Sometimes we’re led down one road solely to discover that there’s another road much better suited for us.  I’m not gonna beat around the bush with what I mean by this in terms of our fostering/adopting journey except to say that for so long our family has focused on having a baby (or very young child) placed in our home.  And you know what?  That’s a good desire, but I am more inclined to think that the next child we welcome into our home- whether temporarily via foster care or permanently through adoption- will be just that- a child rather than a baby.  In addition, there are other very practical reasons why adopting a newborn through a private adoption may not be the best fit for our family at this point in time.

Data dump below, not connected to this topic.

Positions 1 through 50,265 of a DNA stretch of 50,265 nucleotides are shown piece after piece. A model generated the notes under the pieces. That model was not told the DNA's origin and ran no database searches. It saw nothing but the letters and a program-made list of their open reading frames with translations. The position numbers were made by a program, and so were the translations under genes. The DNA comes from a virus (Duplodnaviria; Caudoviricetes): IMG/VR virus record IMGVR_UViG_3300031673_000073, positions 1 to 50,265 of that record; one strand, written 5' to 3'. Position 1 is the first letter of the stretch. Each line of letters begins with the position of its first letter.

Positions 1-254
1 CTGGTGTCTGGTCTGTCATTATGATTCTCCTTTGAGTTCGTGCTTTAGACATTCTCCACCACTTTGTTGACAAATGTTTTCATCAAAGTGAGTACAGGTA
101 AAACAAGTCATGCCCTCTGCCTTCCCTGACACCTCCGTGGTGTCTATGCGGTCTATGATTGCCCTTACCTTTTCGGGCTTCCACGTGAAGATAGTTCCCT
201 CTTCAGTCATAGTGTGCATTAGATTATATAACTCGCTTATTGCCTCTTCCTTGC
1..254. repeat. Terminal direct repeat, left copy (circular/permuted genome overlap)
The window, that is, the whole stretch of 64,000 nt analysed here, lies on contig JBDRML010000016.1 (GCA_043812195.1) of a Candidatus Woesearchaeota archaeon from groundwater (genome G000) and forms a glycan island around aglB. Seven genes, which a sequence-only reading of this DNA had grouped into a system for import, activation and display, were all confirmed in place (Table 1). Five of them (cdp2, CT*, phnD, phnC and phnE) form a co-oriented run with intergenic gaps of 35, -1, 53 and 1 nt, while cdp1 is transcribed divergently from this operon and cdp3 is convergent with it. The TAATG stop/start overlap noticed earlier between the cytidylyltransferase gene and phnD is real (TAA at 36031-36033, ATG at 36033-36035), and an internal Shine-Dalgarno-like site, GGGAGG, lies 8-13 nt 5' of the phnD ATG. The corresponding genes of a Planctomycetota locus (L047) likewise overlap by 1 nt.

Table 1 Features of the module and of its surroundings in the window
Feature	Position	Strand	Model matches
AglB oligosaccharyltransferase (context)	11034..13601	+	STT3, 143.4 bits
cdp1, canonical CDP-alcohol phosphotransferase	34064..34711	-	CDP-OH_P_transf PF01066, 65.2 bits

Although it’s sad to think that we may not be welcoming any more babies into our home I am also extremely grateful that over the past six years I’ve had the amazing opportunity to care for seven babies (“baby” meaning 1 year or younger) in my home.  Seven babies in six years is pretty miraculous for an infertile woman.  Talk about beauty for ashes.  Infertility has definitely been a beautiful heartbreak for me.

I can see how my thinking has evolved from when we first started the adoption process-nearly a decade ago- and how now we are more apt to take ourselves out of the center of the equation and put the focus on the child.  In other words, it’s not so much about finding the right baby or child for our family and fulfilling our needs but about being the right family for a child.

I just can’t ignore the fact that there are so many children in my own country who are waiting for permanent homes.  Everybody needs to belong to a family whether they’re four or forty so it boggles my mind when I try to imagine what it would be like to not belong to a family.